Blackhawks general manager Stan Bowman admitted Tuesday that they had had discussions about moving Hossa's contract for a year now. But it finally reached a point where they simply needed to get it off their hands, even if it meant giving up Vinnie Hinostroza as a sweetener.

"We tried to make that deal work in every other way possible but they obviously said he had to be in it," Bowman said of including Hinostroza.

That's how important it was to free up even more cap space. By trading Hossa's contract in a nine-piece trade with the Arizona Coyotes, it created more options for the Blackhawks and financial flexibility going forward.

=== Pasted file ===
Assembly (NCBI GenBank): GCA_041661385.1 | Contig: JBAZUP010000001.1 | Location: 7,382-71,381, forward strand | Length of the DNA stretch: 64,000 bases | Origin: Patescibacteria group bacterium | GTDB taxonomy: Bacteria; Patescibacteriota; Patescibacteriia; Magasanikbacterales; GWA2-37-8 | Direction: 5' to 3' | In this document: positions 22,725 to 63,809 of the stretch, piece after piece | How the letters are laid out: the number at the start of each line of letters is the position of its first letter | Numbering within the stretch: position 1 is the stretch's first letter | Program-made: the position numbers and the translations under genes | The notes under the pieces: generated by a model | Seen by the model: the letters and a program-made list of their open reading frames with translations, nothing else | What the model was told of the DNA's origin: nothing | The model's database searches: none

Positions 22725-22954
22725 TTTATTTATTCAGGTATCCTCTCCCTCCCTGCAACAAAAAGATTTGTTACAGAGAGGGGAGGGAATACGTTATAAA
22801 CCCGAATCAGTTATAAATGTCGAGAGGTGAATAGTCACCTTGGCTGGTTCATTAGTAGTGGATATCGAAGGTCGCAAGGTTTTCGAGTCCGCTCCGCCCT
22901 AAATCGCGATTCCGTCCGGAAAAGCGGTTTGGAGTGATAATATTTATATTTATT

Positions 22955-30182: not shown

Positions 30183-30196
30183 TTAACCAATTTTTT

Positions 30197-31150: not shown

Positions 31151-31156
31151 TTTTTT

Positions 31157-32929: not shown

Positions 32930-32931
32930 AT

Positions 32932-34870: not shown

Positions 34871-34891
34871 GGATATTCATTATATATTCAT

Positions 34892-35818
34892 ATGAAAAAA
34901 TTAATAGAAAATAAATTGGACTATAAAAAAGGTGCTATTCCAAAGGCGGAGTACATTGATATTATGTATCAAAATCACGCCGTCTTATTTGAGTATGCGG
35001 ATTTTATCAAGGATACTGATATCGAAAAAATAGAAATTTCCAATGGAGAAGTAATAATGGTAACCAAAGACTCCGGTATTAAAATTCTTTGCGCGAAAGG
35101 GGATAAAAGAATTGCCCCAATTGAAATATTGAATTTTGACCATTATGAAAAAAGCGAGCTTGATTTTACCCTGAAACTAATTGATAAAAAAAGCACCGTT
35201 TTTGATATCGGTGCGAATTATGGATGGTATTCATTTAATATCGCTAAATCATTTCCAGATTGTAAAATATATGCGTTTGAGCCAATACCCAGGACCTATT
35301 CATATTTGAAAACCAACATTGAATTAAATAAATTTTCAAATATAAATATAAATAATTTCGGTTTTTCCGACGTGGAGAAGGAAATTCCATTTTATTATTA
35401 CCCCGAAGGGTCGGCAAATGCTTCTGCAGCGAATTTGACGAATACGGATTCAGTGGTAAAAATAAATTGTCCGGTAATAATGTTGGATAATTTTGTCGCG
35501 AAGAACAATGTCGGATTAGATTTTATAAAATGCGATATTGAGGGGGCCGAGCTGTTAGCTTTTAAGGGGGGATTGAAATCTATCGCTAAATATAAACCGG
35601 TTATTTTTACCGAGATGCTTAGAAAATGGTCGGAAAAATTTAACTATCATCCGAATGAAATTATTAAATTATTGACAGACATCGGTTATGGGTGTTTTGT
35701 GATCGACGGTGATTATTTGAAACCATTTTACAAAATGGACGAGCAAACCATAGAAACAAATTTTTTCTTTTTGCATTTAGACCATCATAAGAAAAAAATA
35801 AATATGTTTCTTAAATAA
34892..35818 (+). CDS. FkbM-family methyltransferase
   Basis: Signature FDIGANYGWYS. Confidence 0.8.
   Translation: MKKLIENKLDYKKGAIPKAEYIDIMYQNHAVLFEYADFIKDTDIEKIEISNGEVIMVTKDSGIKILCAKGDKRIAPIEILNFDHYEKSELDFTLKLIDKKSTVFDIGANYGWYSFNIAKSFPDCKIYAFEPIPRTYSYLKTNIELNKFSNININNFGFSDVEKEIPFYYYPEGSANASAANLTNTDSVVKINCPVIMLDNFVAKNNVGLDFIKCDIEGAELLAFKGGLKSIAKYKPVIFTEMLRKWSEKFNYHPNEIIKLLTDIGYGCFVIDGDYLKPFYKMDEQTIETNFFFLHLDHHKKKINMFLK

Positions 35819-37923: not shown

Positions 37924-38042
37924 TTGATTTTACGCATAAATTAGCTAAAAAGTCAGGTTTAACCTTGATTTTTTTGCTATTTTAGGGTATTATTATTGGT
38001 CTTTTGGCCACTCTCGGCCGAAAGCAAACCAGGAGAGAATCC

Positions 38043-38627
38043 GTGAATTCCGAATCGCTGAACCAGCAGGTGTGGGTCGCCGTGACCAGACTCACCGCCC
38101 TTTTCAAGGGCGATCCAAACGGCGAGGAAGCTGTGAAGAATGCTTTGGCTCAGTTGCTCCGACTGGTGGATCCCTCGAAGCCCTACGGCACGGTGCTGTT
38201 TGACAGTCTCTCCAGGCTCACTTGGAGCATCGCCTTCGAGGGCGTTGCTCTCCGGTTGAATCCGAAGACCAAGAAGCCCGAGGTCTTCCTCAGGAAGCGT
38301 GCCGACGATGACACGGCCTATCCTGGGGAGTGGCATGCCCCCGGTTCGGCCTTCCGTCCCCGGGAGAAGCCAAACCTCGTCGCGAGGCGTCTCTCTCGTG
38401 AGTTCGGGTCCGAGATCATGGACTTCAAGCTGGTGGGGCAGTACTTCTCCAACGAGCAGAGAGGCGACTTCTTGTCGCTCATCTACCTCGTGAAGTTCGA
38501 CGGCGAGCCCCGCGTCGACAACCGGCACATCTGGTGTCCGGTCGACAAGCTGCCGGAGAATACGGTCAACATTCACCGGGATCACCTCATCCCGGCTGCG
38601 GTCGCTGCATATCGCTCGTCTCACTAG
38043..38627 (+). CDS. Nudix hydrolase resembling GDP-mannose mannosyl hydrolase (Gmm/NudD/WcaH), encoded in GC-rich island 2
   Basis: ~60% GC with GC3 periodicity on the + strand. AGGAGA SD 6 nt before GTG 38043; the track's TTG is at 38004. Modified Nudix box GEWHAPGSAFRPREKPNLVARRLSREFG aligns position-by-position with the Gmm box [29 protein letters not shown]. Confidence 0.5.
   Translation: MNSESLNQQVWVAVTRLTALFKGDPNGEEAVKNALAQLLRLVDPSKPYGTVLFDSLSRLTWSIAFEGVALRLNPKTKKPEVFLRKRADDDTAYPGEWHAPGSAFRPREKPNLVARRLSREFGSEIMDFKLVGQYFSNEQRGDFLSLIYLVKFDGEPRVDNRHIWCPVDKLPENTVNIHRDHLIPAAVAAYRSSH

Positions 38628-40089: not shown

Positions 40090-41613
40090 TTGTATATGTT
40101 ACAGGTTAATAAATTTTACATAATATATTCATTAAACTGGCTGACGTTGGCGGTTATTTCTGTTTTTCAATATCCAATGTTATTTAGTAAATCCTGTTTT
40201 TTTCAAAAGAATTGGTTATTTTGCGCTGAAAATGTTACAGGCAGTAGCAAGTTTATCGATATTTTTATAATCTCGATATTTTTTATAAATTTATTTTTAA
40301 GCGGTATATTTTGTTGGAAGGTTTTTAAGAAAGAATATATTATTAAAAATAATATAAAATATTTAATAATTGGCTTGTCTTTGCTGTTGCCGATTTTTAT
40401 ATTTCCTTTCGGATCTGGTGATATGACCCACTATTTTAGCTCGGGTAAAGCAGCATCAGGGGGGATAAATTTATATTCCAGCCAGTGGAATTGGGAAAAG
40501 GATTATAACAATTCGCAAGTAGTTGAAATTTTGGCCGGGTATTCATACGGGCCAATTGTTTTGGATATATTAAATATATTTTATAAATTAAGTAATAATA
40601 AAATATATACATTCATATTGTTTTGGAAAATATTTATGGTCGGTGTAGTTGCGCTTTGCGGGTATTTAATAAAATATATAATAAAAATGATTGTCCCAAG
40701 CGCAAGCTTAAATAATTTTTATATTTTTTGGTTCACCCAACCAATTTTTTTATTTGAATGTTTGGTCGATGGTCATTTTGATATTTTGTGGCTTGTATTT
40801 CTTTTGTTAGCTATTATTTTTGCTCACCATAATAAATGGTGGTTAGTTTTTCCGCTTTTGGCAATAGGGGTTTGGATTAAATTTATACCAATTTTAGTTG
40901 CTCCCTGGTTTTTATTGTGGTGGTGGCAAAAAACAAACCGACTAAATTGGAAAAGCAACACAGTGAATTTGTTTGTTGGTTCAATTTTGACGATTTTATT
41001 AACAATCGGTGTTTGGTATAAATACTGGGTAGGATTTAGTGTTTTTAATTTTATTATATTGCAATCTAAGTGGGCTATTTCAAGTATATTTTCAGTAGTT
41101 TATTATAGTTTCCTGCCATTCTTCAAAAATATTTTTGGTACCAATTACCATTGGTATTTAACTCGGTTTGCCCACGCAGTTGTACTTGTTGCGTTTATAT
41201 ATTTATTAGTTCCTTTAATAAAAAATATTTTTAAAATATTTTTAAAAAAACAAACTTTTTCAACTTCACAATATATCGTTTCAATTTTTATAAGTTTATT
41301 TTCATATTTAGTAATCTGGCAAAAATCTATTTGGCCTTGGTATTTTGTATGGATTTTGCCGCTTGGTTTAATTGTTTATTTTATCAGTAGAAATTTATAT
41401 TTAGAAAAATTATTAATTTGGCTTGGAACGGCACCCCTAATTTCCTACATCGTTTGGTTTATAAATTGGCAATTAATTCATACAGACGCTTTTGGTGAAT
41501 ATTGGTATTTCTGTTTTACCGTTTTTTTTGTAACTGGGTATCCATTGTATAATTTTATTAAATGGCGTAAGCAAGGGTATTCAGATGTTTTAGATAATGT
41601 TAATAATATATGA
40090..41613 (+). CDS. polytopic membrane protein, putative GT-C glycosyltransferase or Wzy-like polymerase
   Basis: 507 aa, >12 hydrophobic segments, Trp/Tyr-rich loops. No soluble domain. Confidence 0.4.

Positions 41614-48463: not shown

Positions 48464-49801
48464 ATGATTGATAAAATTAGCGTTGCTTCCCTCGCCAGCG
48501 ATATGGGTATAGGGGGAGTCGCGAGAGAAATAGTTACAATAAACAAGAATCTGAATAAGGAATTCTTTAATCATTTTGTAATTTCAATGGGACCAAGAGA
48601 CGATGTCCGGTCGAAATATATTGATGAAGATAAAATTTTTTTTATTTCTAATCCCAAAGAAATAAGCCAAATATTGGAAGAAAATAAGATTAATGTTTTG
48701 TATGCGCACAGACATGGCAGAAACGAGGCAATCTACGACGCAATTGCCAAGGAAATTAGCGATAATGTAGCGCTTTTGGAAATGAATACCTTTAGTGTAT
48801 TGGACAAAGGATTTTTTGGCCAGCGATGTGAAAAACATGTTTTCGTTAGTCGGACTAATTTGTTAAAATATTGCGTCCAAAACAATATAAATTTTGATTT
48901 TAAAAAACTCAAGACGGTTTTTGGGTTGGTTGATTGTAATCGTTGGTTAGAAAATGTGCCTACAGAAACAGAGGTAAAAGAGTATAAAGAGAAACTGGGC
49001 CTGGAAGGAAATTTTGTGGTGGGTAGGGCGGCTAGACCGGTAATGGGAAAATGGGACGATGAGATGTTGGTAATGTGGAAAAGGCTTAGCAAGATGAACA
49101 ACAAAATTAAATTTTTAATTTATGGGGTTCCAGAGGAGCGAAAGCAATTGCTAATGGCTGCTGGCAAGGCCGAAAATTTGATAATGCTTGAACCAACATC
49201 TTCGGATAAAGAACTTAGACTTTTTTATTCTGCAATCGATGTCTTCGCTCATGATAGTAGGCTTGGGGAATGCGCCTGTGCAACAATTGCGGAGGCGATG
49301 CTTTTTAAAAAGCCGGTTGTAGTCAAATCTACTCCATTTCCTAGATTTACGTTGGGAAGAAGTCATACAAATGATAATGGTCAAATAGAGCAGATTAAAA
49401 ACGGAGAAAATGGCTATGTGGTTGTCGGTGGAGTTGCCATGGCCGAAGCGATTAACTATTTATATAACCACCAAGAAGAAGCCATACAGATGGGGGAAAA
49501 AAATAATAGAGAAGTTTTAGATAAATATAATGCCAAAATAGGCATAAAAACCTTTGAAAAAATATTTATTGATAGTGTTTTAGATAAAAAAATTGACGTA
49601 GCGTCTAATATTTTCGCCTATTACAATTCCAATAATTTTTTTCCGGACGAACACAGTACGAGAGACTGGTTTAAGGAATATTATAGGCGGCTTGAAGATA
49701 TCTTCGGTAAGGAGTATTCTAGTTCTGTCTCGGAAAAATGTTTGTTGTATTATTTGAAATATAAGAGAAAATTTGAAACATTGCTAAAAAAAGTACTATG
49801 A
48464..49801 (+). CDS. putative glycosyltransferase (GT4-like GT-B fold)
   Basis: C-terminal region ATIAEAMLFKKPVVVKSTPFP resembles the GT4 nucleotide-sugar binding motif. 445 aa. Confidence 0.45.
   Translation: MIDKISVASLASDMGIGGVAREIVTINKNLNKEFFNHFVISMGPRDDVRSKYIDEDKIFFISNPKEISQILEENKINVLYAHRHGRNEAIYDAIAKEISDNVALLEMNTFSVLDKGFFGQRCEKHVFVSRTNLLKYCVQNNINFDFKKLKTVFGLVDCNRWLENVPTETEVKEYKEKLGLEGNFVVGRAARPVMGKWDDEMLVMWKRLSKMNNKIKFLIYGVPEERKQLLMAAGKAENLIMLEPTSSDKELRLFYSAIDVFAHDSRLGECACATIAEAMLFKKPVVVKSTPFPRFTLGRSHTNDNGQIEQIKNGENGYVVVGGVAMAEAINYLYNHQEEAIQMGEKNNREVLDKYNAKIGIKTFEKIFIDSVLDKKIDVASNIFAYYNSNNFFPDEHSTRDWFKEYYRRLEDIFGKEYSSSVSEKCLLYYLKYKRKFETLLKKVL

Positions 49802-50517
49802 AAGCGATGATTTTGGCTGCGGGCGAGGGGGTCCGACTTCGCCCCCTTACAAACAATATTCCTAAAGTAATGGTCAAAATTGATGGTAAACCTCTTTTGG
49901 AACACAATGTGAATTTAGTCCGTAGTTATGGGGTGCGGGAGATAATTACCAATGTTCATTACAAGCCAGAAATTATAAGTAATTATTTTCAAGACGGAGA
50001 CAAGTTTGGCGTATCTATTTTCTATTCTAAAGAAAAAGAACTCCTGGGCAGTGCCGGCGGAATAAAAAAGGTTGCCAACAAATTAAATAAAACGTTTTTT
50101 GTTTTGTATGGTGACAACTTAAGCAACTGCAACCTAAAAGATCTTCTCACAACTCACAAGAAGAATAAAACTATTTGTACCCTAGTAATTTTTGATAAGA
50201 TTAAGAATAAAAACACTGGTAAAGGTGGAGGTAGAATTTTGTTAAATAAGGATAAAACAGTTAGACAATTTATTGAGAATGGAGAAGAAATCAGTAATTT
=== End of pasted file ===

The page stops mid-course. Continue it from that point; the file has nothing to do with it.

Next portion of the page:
"It was a difficult trade from a sentimental perspective, because we'd love to not have to do that," Bowman said. "But on the practical matter, it was becoming challenging to try to operate with that contract here. It necessitated us trying to make the move that we did make. You don't know when those opportunities are going to come to try and make that type of a move. ... When this presented itself, we talked it through and got to the point where we thought it was something we had to take advantage of."

The problem for the short term is, it's mid-July and the big-name free agents are off the market. There's not much the Blackhawks can do to improve their roster externally unless they make a trade, which would require dipping into the pipeline.

And it's unfair to put a grade on the Hossa trade as a whole without seeing how they utilize that extra cap space. Could that be before the 2018-19 season starts?